Lately, it seems like each new Android-based slate we’ve looked at has performed a little better than the one before it. As the tablet market matures, and the number of devices running Android 4.0 (Ice Cream Sandwich, or ICS) on Nvidia’s Tegra 3 quad-core processors grows, our optimism—and enthusiasm—for this slice of the tablet market increases.
If the slates that have passed through our labs in recent weeks are any indication, there’s no better time to buy a tablet. It’s also a great time to upgrade. And the impressive new models we’ve seen in the first third of 2012, such as Acer’s $449.99 Iconia Tab A510 (which replaces early-2011’s Iconia Tab A500) just might make that prospect irresistible.
We were lukewarm about Acer’s first attempt at an ICS tablet, the Iconia Tab A200. It was a decent enough slate, but it was somewhat clunky and had a ho-hum feature set. The Iconia Tab A510, on the other hand—with top-shelf components—deserves more respect, especially considering its stiffer competition.
Since the Iconia Tab A510 is one of only a handful of slates to take advantage of the high-performing Tegra 3 processor, that in itself makes it attractive. While several manufacturers have introduced devices running ICS recently, many of those, such as Samsung’s soon-to-be-released $399.99 Galaxy Tab 2 (10.1), rely on the older Tegra 2 dual-core processor. Based on what we’ve seen so far, the Tegra 3 CPU performs notably better, and it does so while consuming significantly less power.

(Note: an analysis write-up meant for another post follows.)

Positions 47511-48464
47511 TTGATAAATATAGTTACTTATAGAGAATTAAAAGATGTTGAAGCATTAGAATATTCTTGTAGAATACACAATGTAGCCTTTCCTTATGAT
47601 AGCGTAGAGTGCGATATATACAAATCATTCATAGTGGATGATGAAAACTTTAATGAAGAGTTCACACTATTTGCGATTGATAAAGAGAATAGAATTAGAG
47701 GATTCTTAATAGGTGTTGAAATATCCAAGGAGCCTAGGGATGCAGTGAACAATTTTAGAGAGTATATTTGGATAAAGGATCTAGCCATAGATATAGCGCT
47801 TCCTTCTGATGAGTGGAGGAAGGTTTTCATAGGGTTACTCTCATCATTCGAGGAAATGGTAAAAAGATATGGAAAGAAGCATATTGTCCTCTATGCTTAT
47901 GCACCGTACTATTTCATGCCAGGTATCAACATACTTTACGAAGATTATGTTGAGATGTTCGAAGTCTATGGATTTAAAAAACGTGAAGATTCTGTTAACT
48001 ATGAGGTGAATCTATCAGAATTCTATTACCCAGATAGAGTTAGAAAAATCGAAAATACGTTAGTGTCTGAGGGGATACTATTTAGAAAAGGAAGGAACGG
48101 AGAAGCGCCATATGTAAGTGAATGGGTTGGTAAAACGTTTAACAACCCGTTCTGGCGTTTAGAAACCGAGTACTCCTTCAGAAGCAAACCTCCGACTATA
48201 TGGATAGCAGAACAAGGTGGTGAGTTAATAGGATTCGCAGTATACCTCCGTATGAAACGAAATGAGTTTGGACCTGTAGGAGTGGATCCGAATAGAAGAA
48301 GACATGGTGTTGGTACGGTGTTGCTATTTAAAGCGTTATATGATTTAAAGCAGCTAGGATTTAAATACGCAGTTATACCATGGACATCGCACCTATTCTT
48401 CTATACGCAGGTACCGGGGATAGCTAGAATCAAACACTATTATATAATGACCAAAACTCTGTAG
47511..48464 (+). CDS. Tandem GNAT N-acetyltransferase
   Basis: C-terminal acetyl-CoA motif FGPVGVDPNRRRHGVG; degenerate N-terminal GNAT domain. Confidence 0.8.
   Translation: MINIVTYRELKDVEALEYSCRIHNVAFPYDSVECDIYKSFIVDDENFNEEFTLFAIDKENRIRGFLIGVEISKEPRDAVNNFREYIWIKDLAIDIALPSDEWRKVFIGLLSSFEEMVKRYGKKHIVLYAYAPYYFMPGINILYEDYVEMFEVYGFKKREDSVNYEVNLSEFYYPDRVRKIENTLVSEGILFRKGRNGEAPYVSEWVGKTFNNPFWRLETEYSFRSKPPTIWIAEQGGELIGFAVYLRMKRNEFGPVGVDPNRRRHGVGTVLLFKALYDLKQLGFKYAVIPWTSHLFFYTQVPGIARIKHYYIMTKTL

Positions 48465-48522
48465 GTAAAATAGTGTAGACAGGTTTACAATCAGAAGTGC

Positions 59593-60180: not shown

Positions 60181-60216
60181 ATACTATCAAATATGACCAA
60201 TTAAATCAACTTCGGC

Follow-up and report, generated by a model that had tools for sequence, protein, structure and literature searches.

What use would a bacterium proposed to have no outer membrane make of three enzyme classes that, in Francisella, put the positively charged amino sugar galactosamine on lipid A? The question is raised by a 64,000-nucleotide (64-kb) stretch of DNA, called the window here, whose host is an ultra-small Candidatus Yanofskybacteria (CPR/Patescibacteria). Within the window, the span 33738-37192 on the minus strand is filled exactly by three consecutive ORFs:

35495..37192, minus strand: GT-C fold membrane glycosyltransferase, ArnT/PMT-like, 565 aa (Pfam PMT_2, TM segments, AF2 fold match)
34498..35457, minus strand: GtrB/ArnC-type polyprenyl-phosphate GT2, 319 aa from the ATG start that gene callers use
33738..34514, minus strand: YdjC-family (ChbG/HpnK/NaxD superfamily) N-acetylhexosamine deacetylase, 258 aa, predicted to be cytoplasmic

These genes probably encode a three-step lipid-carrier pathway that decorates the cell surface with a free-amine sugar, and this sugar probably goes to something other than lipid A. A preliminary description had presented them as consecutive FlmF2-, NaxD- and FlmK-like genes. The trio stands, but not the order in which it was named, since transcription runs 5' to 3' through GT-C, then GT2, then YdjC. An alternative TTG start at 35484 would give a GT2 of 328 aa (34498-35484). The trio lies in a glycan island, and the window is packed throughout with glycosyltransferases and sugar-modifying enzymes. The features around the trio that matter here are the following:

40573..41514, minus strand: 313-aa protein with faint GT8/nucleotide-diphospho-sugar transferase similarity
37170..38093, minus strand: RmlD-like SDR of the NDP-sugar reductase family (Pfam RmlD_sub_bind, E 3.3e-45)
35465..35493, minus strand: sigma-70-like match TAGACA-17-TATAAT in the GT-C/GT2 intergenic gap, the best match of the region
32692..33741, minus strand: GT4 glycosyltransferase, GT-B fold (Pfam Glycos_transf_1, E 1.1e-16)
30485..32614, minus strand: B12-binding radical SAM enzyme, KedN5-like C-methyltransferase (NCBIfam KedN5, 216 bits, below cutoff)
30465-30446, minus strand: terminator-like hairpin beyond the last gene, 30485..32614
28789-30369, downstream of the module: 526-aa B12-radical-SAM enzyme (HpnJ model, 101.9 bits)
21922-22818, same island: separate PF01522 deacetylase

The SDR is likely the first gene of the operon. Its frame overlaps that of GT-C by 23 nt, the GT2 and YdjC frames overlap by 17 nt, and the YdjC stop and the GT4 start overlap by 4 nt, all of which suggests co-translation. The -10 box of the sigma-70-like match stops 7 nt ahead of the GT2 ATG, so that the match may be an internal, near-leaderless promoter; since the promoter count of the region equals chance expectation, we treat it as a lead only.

Acer has positioned the Iconia Tab A510 as its higher-end slate. However, in the Android world, the price places it in direct competition with two Asus models: its deluxe $499.99 Eee Pad Transformer Prime, and its entry-level $399.99 Asus Transformer Pad TF300, both of which are built around Tegra 3 processors. The $449.99 price places the Iconia Tab A510 halfway between these two models. (Not to mention, it’s smack dab between Apple’s two lowest-cost iPads, the now-$399 iPad 2 and the $499 Wi-Fi-only, 16GB 2012 iPad.) To a lesser degree, it also competes with Acer’s own entry-level $349.99 Iconia Tab A200, which runs on the Tegra 2 CPU.
The competition is strong here. The Asus Transformer Prime, especially, is a well-built, fast device with a strong feature set, but the Iconia Tab A510 has a few strengths of its own. For starters, it turned in the highest scores to date on most of our tablet benchmark tests; it’s one of the strongest-performing tablets we’ve seen so far. It’s not as fancy-looking as the higher-priced Transformer Prime, but Acer has taken a more practical, utilitarian design approach. In addition to performing well, it comes with 32GB of onboard storage, plus the option for 64GB more via a MicroSDXC card slot. Plus, it has a good-looking screen, feels good in your hands, and is pleasant to use.
See the full review at Computer Shopper.